Kutai National Park on the island of Borneo is trading its many species of mammals for one much more menacing species--humans. Already, half of the park has been degraded by illegal logging and development. There are at least 27,000 people living inside the park. All of them need houses, fuel wood, and jobs. The resources that the park boasts (coal, timber, and oil) provide those jobs, as evidenced by the factories that have set up shop on the park's perimeter.
It's hard to blame people in a country that grows by 2.7 million people every year for encroaching on protected areas. Population density in Indonesia is 122 people per square kilometer (compared with 33 people per square kilometer in the United States). When protected lands are some of the only fertile and forested lands remaining in a country or region, they are vulnerable to settlement by ambitious and/or desperate internal migrants. I wrote an article about this dilemma in the Peten province of Guatemala in the February 2009 issue of The Reporter.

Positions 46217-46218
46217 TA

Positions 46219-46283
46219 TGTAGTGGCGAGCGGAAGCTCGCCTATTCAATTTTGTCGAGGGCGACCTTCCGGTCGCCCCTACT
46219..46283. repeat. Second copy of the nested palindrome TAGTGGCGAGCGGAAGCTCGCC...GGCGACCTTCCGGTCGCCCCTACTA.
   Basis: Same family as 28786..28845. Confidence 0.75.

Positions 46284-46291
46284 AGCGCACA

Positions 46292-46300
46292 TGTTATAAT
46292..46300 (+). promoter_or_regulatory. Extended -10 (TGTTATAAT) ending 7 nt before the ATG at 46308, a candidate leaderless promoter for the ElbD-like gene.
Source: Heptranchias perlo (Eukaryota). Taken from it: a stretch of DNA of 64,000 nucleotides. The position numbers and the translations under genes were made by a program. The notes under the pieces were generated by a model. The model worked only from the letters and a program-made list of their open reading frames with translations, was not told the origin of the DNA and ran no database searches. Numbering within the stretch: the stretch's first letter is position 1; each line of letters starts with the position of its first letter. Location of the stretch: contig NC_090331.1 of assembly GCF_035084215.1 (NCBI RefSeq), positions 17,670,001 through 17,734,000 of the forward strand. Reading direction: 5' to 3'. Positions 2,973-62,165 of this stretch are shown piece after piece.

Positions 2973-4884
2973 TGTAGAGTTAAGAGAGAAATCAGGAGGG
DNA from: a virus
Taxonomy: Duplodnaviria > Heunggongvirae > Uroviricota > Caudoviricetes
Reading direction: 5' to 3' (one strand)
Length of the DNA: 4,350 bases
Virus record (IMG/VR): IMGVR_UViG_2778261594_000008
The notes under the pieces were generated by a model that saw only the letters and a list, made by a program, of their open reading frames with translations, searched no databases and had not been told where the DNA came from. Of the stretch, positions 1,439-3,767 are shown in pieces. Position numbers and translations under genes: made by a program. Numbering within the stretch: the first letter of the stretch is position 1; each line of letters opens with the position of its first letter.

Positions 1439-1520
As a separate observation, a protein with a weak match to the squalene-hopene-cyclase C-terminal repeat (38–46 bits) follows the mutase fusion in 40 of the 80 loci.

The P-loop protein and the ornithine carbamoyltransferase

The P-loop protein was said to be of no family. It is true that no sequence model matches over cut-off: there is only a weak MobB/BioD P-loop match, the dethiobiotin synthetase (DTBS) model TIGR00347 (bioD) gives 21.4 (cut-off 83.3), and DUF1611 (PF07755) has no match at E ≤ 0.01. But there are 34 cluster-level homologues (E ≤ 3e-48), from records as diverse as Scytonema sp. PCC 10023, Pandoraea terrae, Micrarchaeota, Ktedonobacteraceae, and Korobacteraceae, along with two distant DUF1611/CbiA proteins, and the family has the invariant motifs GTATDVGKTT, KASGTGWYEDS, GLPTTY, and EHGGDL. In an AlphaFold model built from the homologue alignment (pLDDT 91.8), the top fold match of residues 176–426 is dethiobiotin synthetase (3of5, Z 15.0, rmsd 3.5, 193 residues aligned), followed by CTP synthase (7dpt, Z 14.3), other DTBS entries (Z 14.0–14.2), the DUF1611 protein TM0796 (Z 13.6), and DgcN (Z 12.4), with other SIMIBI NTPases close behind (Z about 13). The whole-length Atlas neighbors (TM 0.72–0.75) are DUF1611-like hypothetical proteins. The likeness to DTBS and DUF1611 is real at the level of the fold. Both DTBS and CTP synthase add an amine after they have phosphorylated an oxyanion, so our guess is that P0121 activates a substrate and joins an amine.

Until we achieve zero population growth and everyone lives on already-settled land, national parks will continue to be threatened. As so many examples around the world have shown, humans will (often illegally) encroach on protected land, fight with other species over territory, and unsustainably extract natural resources in order to survive. Population stabilization is imperative for the survival of wildlife and the entire biosphere.